One morning in the early fifties of the last century, a young woman opened the private door of a scientific instrument-maker’s shop in Holborn, looked calmly and briskly about her before crossing the busy road, and then stepped quickly into an omnibus that announced its direction as Barnsbury, Islington and Highbury Barn.
Alighting, after half-an-hour’s run, at the first of these suburbs, which in those days was the comfortable retreat of prosperous middleclass families, she walked steadily forward with the assured manner of one who knows the way too well to think about it. High Summer was in the air, and the day was sultry; the chestnut trees in the garden hung their great leaves down as though they were tired, the nurse-girls with their perambulators looked hot and blowsy, even the butcher’s boy on his round was merciful to his sweating beast.
Summer too had touched the cheeks of the visitor from Holborn, whose proper season would seem to have been the Spring, for she was not more than twenty, and the clear fresh beauty of her face showed abundant health. Her eyes, though grave at this moment, looked as though they could sparkle with anger or enthusiasm, her chin betrayed a little more determination than was considered altogether fitting in a woman at that period. But the masses of soft brown hair which surrounded the forehead and almost hid her ears made amends for the purposeful chin. She had a good figure, rather under the medium height, and she was well dressed in the quiet fashion that only good breeding ever attains. Altogether she was a girl made for admiration and love, and it was in the nature of things that she should marry and in due course have children. The man who won her would secure a prize, but a prize that would by no means be satisfied with merely being exhibited in her own drawingroom.
Something in her tread, as well as the tell-tale chin, showed character and a wilfulness that might make for happiness or its opposite, as the lines of her life fell in congenial or uncongenial circumstances.
She knocked at a door, and presently entered one of those vast square mansions which were built for the large families of that prolific age. Children could be heard quarrelling in a nursery upstairs; downstairs in the basement were the usual kitchen noises indicative of that enforced cleanliness which may be next to godliness but is by no means always next to comfort; on the ground floor someone was playing a piano. The touch was brilliant but a little hard, as though the player had a clever head but no heart.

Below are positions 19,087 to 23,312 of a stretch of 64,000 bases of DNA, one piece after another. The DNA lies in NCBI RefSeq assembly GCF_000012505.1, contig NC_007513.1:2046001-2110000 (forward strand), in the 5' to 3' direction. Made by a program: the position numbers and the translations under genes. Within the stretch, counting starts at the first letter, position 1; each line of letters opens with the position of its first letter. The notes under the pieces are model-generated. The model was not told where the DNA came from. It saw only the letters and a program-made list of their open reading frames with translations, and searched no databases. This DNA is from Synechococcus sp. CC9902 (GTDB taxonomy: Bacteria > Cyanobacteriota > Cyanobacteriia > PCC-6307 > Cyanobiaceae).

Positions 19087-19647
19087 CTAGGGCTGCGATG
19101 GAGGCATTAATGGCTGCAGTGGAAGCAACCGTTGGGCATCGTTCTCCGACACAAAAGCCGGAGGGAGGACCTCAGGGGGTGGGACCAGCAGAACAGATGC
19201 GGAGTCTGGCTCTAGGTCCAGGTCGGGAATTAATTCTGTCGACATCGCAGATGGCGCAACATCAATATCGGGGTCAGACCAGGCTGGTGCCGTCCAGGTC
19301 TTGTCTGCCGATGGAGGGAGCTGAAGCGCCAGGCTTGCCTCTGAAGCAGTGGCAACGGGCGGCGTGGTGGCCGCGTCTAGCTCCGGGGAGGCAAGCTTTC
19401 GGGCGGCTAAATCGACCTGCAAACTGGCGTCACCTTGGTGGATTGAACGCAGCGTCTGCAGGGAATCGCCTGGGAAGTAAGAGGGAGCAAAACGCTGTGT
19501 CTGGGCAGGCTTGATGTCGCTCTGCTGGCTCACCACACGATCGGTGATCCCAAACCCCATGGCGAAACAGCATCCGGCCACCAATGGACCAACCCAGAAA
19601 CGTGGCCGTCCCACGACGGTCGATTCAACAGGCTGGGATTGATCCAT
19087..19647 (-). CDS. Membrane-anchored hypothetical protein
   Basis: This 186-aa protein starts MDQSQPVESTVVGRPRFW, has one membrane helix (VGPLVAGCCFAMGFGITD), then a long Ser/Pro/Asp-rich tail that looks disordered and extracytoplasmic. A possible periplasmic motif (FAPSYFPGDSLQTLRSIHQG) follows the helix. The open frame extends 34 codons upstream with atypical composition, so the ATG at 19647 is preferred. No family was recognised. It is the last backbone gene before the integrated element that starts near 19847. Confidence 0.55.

The piano ceased as the visitor entered, and a young matron rose from the music-stool. “Why, my dear Isabel,” she said, as she kissed her friend, “I hardly expected you so soon.”
“It was so hot in Holborn, I felt stifled,” answered the girl.
“I would rather be stifled in London than buried in the country as we are here,” retorted Mrs. Tadworth. “I used to think Suffolk dull, but Barnsbury is a living death.”
She pouted, and Isabel laughed. “You don’t look nearly dead yet, Marion — or even very miserable.”
But Marion Tadworth was not listening. (Her complaint was merely against her husband who refused to live in Hyde Park as she wished). She had noticed that the engagement ring which Isabel Virtue usually wore was missing; this promised news, excitement, and gossip.
“How is dear James?” she asked abruptly. She believed in coming to the point.
“I don’t know; I haven’t seen him lately,” answered the girl, who had only meant to broach the subject after lunch. We may mean to tell our secrets, but we do not always like to be surprised out of them.
“Not seen him? Is he ill?” said Mrs. Tadworth. But she knew that engagement rings are not left off because of illness; she guessed that the engagement was broken off. And Isabel knew that she knew.
“He is perfectly well,” replied the girl. “He called at our house only yesterday. But I have refused to see him. The fact is, the engagement is broken off.”
“My dear,” said Mrs. Tadworth, in a tone of genuine sympathy. Every married woman who hears of broken engagements feels like the retired mariner ashore, who watches a good ship foundering in a storm. “I should not have thought James faithless or inconstant. But you never know what men are like till you prove them.”
“He was not faithless,” answered Isabel. “But be was ungodly. And I devised a test for him. I asked him to teach with me in Sunday School, and he refused. And I asked him to give up smoking, but he only laughed, and said dreadful things about a saint in petticoats, and I said he should not marry me at all unless he gave up evil ways and he said cigars were not evil ways, and I was — oh, Marion, he said I was a silly little puritan.”